It’s been 38 years since Saturday Night Fever burst into our collective consciousness and became a major pop culture phenomenon. The film played a major part in boosting the popularity of the disco genre before it’s eventual demise by the beginning of the 80s (the Disco Demolition of 1979 is partly to be blamed for that). John Travolta’s iconic dance moves in his famous white suit have been imitated by many young men on dance floors all over the world but I doubt if any of them came close to duplicating the effortless and electrifying magnetism that Travolta possessed. Of course, there is only one Travolta and it’s unfair to compare others to him. It’s the only film that captured the disco era right and no other dance film has come close to achieving it’s level of perfection. This was not just a film about dance but also a gritty and serious drama about ordinary people living in Brooklyn. Travolta was 23 at the time but he was playing the role of Tony Manero, a 19-year old who worked as a paint store clerk by day and unleashed his inner “disco superhero” at night at the local nightclubs.
Tony lives with his younger sister, his discouraging father who used to be a construction worker but is currently unemployed, and his deeply Catholic mother and his grandmother who doesn’t speak anything other than Italian. It’s not a very pleasant household as the insecurities and low self-esteem that naturally accompany unemployment has gotten hold of his father and makes everyone else around him feel bad, particularly Tony. He has an elder brother who is a priest and is held in high esteem by his parents because of his profession. So naturally Tony is the “black sheep” of the family. I wouldn’t know how I would react if I had parents like these. When Tony brings home the news of a $4 raise, his father responds mockingly by saying, “Shit. $4. You know what $4 buys today? It don’t even buys $3.” The friends he hangs out with are no good either. They are either horny most of the time or behaving like animals at public places. Not an ideal way to live your youth. The only place where Tony feels really alive is on the dance floor.
Then there is Annette, the frustrated female member of his gang, who is constantly vying for his attention and is confused about whether to be a nice girl or a slut. When Tony spots a woman called Stephanie and her impressive dancing skills at the club, he becomes instantly smitten by her. She rejects him as they both are from totally different worlds. To her, Tony is a loser who lacks class and intelligence. For him (and us), she is a snob afflicted by a slight case of narcissism. However, she slowly accepts his offer to be his dancing partner and compete together for an upcoming dance competition. It’s hard to look at their relationship as expanding beyond friendship. Their conversation is always awkward and the only time he can have a proper conversation with her without getting embarrassed is when they both are practicing their dancing. His relationship with these two women and his friends becomes complicated as the story progresses. Meanwhile, the situation at his home becomes worse when his brother quits the priesthood. His mother is distraught and can’t stand the thought of someone shattering her faith.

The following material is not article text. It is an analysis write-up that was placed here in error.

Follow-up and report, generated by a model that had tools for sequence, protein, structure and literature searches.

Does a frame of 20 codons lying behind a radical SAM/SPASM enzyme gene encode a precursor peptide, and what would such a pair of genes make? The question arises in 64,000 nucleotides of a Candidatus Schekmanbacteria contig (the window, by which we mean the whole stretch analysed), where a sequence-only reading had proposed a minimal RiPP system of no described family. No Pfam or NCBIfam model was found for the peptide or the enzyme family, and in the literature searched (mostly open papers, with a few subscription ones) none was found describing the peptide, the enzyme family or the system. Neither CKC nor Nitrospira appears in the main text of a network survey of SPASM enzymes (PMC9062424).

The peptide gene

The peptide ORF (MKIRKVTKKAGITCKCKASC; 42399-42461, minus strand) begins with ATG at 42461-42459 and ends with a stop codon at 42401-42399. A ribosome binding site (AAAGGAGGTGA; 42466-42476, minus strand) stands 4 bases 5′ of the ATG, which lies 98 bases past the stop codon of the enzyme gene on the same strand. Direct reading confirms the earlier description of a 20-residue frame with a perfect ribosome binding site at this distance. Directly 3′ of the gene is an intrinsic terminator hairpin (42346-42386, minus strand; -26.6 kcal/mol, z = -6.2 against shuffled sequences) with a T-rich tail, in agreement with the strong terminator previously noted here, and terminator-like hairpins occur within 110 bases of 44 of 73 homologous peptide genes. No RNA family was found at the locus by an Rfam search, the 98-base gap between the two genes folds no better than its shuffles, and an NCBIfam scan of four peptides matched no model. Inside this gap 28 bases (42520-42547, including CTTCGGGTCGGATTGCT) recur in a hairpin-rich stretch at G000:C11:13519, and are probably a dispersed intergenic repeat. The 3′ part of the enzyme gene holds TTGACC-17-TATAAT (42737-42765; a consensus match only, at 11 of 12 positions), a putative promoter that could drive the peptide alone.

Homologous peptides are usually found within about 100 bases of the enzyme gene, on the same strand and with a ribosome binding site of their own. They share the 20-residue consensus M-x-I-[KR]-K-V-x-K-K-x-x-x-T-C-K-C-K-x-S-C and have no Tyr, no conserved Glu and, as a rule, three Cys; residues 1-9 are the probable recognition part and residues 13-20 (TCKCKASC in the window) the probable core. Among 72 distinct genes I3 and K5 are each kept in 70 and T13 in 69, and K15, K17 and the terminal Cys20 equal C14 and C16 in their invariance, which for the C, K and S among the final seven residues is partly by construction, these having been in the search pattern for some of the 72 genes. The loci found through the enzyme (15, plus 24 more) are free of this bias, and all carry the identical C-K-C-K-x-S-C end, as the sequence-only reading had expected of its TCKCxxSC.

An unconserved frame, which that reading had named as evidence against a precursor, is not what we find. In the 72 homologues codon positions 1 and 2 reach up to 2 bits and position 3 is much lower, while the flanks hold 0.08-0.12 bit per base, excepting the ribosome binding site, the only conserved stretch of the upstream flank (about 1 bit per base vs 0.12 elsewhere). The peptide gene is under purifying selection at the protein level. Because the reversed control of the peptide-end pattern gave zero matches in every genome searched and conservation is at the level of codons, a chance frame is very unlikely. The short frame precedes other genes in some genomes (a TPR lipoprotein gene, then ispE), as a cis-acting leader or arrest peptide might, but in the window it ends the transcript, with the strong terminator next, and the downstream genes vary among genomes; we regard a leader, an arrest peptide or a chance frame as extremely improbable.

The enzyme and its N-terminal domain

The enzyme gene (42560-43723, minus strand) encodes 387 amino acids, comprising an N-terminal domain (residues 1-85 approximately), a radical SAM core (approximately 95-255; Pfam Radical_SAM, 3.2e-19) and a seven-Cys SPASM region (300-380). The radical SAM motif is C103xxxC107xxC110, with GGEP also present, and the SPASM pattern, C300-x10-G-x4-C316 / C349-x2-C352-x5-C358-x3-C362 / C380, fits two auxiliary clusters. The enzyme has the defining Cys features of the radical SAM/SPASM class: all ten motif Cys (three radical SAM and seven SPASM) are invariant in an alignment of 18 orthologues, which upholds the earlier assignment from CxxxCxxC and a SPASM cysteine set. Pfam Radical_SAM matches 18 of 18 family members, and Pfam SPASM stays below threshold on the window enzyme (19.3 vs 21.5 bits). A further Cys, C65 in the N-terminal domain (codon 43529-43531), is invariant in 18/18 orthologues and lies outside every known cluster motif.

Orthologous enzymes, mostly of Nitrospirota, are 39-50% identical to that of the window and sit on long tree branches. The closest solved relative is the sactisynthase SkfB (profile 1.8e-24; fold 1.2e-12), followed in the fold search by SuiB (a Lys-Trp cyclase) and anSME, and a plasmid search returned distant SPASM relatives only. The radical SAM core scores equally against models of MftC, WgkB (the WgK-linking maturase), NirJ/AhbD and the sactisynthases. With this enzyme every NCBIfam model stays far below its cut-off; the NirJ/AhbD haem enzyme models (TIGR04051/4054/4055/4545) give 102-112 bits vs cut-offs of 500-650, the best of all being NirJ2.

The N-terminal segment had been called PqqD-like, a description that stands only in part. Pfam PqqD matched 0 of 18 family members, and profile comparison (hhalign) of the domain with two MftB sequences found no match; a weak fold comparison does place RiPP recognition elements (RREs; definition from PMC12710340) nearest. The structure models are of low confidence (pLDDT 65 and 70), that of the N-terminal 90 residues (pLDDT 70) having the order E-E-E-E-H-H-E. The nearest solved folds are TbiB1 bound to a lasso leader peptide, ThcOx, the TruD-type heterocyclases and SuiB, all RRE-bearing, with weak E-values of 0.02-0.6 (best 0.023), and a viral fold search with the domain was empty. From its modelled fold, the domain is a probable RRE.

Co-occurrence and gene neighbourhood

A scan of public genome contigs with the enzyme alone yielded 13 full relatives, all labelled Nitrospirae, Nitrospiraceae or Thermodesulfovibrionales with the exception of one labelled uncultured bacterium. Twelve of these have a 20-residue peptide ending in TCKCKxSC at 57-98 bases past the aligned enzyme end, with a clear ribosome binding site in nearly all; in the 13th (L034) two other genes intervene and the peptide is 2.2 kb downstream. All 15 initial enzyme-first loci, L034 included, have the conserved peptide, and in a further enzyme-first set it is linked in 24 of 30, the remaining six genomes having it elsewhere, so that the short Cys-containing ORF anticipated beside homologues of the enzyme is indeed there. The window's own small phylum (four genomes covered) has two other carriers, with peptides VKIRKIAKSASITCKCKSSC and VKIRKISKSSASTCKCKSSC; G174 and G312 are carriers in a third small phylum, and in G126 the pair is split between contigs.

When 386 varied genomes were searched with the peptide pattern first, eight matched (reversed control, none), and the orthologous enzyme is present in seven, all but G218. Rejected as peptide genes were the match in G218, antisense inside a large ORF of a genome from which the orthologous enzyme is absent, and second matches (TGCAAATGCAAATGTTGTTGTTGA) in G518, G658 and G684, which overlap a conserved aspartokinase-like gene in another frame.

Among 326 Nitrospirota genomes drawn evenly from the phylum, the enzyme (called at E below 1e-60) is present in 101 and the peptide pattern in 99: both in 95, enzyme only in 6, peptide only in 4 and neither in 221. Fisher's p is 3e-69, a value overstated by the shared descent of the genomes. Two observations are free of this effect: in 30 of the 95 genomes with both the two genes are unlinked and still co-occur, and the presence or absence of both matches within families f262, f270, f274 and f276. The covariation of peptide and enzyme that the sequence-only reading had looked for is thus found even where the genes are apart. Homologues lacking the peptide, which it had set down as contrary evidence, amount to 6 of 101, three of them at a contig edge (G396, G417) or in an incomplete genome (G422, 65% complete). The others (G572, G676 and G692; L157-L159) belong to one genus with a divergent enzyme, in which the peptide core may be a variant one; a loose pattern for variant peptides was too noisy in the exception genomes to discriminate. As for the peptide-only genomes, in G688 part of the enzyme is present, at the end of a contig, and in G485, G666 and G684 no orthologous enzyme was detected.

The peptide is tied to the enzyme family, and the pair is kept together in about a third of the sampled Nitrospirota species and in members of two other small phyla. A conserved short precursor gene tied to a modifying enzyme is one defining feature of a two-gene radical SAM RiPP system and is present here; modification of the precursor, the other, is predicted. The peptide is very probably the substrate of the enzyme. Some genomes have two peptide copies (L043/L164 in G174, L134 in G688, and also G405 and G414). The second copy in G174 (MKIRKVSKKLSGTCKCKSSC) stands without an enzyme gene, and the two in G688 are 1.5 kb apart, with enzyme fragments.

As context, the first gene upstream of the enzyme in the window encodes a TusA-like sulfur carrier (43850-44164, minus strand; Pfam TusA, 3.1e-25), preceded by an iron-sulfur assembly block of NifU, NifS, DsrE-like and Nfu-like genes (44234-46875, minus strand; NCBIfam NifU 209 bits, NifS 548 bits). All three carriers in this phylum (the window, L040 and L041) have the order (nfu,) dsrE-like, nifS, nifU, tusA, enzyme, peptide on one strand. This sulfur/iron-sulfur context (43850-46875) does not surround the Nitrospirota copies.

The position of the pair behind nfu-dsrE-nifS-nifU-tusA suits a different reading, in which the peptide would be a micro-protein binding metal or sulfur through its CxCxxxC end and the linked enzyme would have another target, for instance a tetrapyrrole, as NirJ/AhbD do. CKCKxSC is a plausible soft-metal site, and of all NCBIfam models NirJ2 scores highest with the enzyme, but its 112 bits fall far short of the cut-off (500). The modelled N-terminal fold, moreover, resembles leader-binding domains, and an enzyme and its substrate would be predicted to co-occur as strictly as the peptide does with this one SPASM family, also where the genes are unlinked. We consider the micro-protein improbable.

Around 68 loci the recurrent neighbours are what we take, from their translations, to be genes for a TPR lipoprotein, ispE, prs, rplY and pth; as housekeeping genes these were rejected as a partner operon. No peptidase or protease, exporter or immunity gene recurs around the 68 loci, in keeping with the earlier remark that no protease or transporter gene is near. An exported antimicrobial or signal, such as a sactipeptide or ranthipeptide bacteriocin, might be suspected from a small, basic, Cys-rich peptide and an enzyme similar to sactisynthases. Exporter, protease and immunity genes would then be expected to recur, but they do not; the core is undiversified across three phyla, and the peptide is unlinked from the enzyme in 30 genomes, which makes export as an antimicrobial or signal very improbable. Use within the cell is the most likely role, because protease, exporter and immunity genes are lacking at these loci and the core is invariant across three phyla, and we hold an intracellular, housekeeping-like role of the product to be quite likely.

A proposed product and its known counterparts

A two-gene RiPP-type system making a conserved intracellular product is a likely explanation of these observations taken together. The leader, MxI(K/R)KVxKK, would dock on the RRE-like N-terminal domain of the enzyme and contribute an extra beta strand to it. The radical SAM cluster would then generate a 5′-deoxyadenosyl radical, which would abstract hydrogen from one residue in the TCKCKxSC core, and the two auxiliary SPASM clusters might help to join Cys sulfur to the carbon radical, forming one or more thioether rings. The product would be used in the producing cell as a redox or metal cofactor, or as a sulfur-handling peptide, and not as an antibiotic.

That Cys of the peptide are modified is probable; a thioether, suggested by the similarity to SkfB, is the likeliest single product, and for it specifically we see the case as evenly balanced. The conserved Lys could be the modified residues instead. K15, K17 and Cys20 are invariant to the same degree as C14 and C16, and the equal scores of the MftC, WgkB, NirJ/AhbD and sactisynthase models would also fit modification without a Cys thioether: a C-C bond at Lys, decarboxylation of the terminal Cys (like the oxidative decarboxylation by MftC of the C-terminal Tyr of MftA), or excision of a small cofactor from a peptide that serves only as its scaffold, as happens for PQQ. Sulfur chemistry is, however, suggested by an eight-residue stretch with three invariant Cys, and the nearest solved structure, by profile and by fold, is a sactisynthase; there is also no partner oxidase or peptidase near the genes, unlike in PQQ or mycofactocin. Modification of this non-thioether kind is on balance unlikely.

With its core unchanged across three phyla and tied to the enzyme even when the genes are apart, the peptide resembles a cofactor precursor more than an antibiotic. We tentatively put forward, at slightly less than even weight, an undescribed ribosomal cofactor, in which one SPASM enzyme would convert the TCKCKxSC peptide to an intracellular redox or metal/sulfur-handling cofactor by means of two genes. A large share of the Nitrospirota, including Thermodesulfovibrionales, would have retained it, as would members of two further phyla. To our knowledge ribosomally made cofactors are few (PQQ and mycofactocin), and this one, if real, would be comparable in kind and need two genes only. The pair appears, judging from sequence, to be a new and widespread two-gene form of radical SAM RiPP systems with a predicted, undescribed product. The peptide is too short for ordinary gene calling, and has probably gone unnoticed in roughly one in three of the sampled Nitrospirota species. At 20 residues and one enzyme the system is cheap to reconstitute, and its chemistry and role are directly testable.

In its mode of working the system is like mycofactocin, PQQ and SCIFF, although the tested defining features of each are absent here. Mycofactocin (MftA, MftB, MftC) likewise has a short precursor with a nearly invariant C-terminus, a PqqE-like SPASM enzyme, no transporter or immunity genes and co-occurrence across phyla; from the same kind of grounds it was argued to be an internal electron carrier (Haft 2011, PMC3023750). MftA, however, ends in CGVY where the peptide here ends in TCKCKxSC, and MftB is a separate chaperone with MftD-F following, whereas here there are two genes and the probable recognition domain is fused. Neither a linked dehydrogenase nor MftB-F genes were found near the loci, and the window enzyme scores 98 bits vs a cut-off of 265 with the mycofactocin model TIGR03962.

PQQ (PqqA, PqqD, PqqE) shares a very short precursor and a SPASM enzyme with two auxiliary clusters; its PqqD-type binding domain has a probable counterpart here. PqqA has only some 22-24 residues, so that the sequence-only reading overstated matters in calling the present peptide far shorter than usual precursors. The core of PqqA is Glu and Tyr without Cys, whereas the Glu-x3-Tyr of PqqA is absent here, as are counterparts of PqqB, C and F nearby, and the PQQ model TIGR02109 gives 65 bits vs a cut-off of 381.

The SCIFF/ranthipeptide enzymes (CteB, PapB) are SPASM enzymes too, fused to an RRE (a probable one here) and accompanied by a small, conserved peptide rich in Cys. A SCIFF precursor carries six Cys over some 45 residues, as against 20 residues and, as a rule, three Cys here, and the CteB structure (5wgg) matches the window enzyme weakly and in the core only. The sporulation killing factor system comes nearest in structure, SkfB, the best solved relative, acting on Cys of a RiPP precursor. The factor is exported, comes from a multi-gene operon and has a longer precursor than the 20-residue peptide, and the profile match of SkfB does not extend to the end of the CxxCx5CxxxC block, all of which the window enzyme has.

I once mentioned in my review of the 1955 film Marty that Italian-American families resemble Indian families so much, mine included. This is a story about confused and trapped individuals whose decisions and choices are influenced by others. There are certain parts in this that hit too close to home. There is a Tony Manero in every young Indian kid out there. The role that Travolta plays here, that of the working-class hero struggling to break free of his monotonous existence and looking to make a name for himself has been seen before in few other films as well, most notably On the Waterfront and Rocky. Now that I’ve brought up Rocky, I have to mention the fact that it was the director of the original Rocky, John G. Avildsen, who was supposed to direct this film but a falling out with the producer caused him to pull out weeks before principal photography was about to begin. However, they did honor him by placing a poster of Rocky on the wall of Tony’s bedroom. The other Rocky connection here is that Sylvester Stallone directed the sequel to SNF called Staying Alive, which ended up as one of the major disasters in Travolta’s career.
I would be remiss if I didn’t mention the immaculate soundtrack by the Bee Gees. This is the film that turned me into a devoted Bee Gees fan forever. I have most of their albums and obviously, this soundtrack is my favorite of them. I have to listen to the tracks “Staying Alive”, “Heartbreaker” and “How Deep Is Your Love” at least once every day. The Bee Gees went on to write the title track for another John Travolta hit, a musical called Grease in 1978. The disco genre may be dead but it is still “staying alive” in many of our hearts even today.